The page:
It's how you play the game
Ein Hayam primary school in Haifa was a candidate for closure. It’s in a poor neighborhood and was lacking pupils. But a unique teaching method based on games was developed by a daring principal, and everything changed.
In the middle of the tour of Ein Hayam Experimental School in Haifa, I considered interrupting the explanations of principal Baruch Yaakobi to ask whether he had injected Ritalin into the children’s mid-morning snack. Everything was so calm, relaxed and focused − hardly the typical atmosphere of an Israeli school. Some budding managers from the University of Haifa who were touring the school showed similar surprise. I saw no children pushing, shouting or cursing. I heard no doors slamming, and I even managed to walk through the hallways without some child running wildly and crashing into me (a frequent occurrence when I pick up my own children at their school).
Ein Hayam Experimental School, named for the Haifa neighborhood in which it is located, overlooks the blue sea from its perch on the slopes of Mount Carmel. The neighborhood itself, aging and mixed − Jews and Arabs − is working-class. In recent years the young people have been leaving for other places that offer a better future. The school was established in 1962, and in 2005, with a dwindling enrollment, became an “experimental” institution − the education system’s name for an alternative school. The alternative the school offers creates something of an extreme impression at first, but apparently extreme situations demand extreme means.
At the Ein Hayam School, the children learn by playing games. They play literature, they play Bible, they play reading and arithmetic, and they play geography and history. Every day the children leave the classrooms and enter “game-playing arenas” both inside and outside the school building. This year, following the five-year experimental period − dubbed a success by both the school and the Ministry of Education − the school became an “observation center,” where educators and academics come to view the wondrous phenomenon, to learn and to play games.
The school effectively implements Plato’s dictum that children learn not by coercion but by play. There are almost no frontal lessons; the children play in order to learn, develop, enjoy themselves and become better people. In a small grove at the entrance to the school, first graders acquire the rudiments of addition and subtraction by collecting pine cones and stones and solving problems contained in notes attached to trees. Another group plays a memory game, using cards with arithmetic exercises whose solutions are found on a game board painted on the playground. The second grade is engaged in a treasure hunt, with arithmetic exercises that send children scurrying from one location to another. The third graders are at the seashore, researching the sand (and not one of them has run into the water). An arithmetic class for the fourth grade is underway in the gym: Small groups of children are scattered charmingly across the floor, playing games with boxes. Here the major attraction is the group standing in a line opposite the teacher, who holds up signs showing numbers that are the result of multiplication. The children’s task is to say which two numbers were multiplied to produce this result. Those who give the right answer also get to shoot a basketball.
Groups of children from the fifth grade are ensconced in the school’s bomb shelter, which has been converted into a kind of lab for the production of games. One class is preparing a trivia game about Israeli towns and cities, after downloading relevant information about each locale from the Internet. The other group is making cards for the classic game of “War,” using Arabic numerals. Everyone is busy and focused. Another fifth-grade class is occupied with the feast of the gods for a history lesson. The wine has been replaced by peach concentrate, but in the best tradition, the pupils are dressed in white sheets and crowned with floral wreaths. Upstairs, an English lesson is taking place − in the hallway, of course. The old, misshapen tiled floor has been revitalized with large-scale paintings of game boards. One such game consists of giant letters of the alphabet, with the children leaping between the letters according to the words they have to spell. A big Snakes and Ladders game has also been painted on the floor: those who land on a snake or a ladder have to compose a sentence containing a specific word, in English. As for the children of the sixth grade, they are in the Maritime Museum, learning about pirates. And that’s not all: there are many more games painted on the floors of the classrooms, the hallways, the walls and the schoolyard.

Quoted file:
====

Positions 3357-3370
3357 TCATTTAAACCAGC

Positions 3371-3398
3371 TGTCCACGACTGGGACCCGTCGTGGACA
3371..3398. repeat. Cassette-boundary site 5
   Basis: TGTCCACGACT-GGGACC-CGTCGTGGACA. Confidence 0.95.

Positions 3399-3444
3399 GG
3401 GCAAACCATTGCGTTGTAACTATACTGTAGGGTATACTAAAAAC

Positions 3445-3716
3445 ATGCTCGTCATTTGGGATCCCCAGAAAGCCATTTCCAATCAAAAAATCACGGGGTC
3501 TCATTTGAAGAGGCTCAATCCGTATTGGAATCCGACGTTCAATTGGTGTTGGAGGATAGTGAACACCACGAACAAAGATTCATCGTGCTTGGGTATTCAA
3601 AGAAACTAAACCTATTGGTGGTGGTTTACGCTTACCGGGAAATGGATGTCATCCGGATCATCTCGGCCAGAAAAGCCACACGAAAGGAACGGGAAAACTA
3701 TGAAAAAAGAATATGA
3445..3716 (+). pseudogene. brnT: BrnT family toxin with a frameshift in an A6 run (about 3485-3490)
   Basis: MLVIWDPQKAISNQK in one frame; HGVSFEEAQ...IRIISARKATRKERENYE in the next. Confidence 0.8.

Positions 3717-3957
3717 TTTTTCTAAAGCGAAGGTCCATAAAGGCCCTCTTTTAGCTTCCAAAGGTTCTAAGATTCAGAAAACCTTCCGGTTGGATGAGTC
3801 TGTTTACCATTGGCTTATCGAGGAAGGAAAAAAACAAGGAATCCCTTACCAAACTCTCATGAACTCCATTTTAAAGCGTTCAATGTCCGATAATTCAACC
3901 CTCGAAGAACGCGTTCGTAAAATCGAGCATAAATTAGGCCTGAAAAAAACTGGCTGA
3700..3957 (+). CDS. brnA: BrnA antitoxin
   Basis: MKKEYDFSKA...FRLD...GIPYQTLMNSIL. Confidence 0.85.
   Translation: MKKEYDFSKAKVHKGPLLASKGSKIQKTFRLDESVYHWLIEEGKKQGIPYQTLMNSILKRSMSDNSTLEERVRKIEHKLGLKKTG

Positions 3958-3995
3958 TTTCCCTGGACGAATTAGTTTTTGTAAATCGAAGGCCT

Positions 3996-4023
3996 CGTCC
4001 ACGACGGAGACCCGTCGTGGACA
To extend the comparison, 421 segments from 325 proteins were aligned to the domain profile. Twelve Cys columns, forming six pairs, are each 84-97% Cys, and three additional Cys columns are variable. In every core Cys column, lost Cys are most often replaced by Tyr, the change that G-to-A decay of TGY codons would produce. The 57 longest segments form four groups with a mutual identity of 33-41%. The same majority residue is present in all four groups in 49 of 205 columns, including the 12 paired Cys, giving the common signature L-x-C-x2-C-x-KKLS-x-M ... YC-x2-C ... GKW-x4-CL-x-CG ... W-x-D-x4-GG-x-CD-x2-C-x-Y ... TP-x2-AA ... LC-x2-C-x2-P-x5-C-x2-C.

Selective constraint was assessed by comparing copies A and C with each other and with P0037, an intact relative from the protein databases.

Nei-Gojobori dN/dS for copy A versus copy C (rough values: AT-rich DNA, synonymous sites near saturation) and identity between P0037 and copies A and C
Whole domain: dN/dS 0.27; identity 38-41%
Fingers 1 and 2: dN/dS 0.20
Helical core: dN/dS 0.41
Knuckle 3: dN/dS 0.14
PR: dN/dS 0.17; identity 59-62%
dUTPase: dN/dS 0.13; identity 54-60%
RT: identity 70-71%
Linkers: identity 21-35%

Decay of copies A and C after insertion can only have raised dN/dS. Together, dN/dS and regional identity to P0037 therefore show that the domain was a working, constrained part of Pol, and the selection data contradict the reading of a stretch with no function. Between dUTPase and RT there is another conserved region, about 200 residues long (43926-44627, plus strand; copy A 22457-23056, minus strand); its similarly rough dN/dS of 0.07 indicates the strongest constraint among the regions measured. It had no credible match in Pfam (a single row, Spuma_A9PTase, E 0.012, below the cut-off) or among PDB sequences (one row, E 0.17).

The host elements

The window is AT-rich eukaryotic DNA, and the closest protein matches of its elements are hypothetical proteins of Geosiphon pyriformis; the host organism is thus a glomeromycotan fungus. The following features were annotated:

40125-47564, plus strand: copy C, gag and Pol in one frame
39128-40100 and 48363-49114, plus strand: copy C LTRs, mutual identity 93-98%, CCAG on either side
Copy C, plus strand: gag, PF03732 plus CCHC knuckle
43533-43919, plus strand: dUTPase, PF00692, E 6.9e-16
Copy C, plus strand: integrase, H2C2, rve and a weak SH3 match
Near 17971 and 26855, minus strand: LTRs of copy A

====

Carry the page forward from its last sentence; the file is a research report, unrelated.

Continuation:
“Every place and every time is conducive to learning, hence the play arenas,” Yaakobi explains. “Who said the only place where children can learn is a classroom? As long as we are still breathing, we are learning.”
Of course, the learning-through-play concept was not invented at Ein Hayam. It draws on previous research and on the philosophy of play. “We all like to play games, children and adults,” Yaakobi says. “When we play, we connect the game in one way or another to our aspirations, our needs and our wishes. The phenomenon of ‘man the player’ has long fascinated human civilization” − Yaakobi mentions Plato, Huizinga, Locke, Einstein and Freud as supporting evidence. “All of them found that play is essential for the child’s development. A child needs a large variety of play activity in order to develop emotionally, socially and cognitively. Play creates opportunities in which children can solve problems and develop emotional tools to cope with conflicts. Nowadays, children no longer play at school. A child who does not play will not develop properly. Play shows whether a child is shy, introverted or a competitive individual who overturns the game board if he loses: games are a metaphor for life itself. Games are also the natural situation of learning, devoid of barriers and fences, and a situation in which the teacher learns along with the pupils.”